How JustAnswer Works:
  • Ask an Expert
    Experts are full of valuable knowledge and are ready to help with any question. Credentials confirmed by a Fortune 500 verification firm.
  • Get a Professional Answer
    Via email, text message, or notification as you wait on our site.
    Ask follow up questions if you need to.
  • 100% Satisfaction Guarantee
    Rate the answer you receive.
Ask CalAttorney2 Your Own Question
CalAttorney2
CalAttorney2, Attorney
Category: Legal
Satisfied Customers: 10238
Experience:  Civil litigation attorney for individuals and businesses.
71563194
Type Your Legal Question Here...
CalAttorney2 is online now
A new question is answered every 9 seconds

My father became ill and passed away recently. He did not

Customer Question

My father became ill and passed away recently. He did not have a will. All of his children know that his wish upon death was to be cremated and the remains to be sent to an old hunting camp, which is still in the trust of his children.
However, upon his death his current wife has decided that she is going to keep the remains and have a funeral.
My father was not a religious man and was very specific in advising of his wishes. However, he was also a trusting man who felt that if everyone were in agreement there did not need to be a will.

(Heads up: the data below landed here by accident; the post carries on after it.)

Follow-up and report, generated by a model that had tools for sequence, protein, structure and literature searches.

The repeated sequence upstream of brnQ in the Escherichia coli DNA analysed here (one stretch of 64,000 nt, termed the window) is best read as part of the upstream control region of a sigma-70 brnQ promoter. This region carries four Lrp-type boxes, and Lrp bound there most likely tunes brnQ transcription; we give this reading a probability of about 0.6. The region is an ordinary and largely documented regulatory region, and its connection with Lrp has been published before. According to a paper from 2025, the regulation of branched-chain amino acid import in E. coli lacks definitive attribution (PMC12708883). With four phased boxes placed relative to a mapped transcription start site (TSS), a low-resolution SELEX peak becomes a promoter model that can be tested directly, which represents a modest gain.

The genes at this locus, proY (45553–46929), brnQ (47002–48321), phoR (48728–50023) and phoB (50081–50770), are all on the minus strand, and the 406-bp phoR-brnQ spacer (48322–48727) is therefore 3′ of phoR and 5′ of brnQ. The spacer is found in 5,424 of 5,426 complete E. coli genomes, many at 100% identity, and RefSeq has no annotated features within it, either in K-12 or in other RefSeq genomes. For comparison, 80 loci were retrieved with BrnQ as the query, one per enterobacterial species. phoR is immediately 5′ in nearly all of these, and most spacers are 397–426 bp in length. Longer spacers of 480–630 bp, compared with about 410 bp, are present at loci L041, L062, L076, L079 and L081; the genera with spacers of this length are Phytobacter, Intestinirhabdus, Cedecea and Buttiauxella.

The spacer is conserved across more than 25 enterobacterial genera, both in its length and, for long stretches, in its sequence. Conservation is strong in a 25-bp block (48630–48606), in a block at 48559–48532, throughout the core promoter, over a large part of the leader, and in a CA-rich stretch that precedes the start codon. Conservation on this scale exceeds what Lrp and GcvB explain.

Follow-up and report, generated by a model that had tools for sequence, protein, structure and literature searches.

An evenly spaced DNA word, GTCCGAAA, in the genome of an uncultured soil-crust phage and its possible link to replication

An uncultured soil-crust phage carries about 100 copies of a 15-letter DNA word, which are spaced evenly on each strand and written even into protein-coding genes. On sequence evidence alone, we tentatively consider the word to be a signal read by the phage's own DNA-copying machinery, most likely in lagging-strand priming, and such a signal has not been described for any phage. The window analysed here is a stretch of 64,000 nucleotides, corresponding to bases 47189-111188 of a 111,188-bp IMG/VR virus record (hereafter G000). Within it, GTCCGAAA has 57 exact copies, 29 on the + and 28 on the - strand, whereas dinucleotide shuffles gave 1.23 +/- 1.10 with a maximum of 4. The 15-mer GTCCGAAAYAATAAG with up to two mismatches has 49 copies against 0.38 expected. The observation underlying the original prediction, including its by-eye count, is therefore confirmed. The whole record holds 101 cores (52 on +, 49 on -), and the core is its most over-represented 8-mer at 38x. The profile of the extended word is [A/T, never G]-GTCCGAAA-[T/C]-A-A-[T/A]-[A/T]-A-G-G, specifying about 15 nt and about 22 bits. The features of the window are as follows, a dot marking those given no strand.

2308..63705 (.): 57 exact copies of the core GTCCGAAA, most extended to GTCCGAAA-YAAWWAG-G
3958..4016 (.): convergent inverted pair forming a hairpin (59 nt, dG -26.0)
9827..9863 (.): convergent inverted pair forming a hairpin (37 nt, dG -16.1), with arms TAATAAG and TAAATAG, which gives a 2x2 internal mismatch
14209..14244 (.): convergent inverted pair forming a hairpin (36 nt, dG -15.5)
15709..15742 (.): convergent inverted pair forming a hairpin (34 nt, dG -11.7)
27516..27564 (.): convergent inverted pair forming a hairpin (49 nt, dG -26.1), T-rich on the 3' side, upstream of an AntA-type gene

We are happy for his wife to keep every material posession, but we would like to see his wishes carried out for the disposition of his remains.
Is there any possibility that his verbal wishes were a binding contract prior to his passing?
My family just wants my father to be laid to rest properly.
Thank you.
Submitted: 1 year ago.
Category: Legal
Expert:  CalAttorney2 replied 1 year ago.

Dear Customer, I am very sorry to learn of your loss, and of this situation.

Unfortunately as your father did not create either a will (or a written statement regarding his wishes), his surviving spouse has the right to determine the disposition of his remains under Health and Safety Code 7100.

See: http://www.leginfo.ca.gov/cgi-bin/displaycode?section=hsc&group=07001-08000&file=7100-7117.1

I wish that I had a different answer for you, but absent a writing from your father, there isn't a legal mechanism to change this disposition.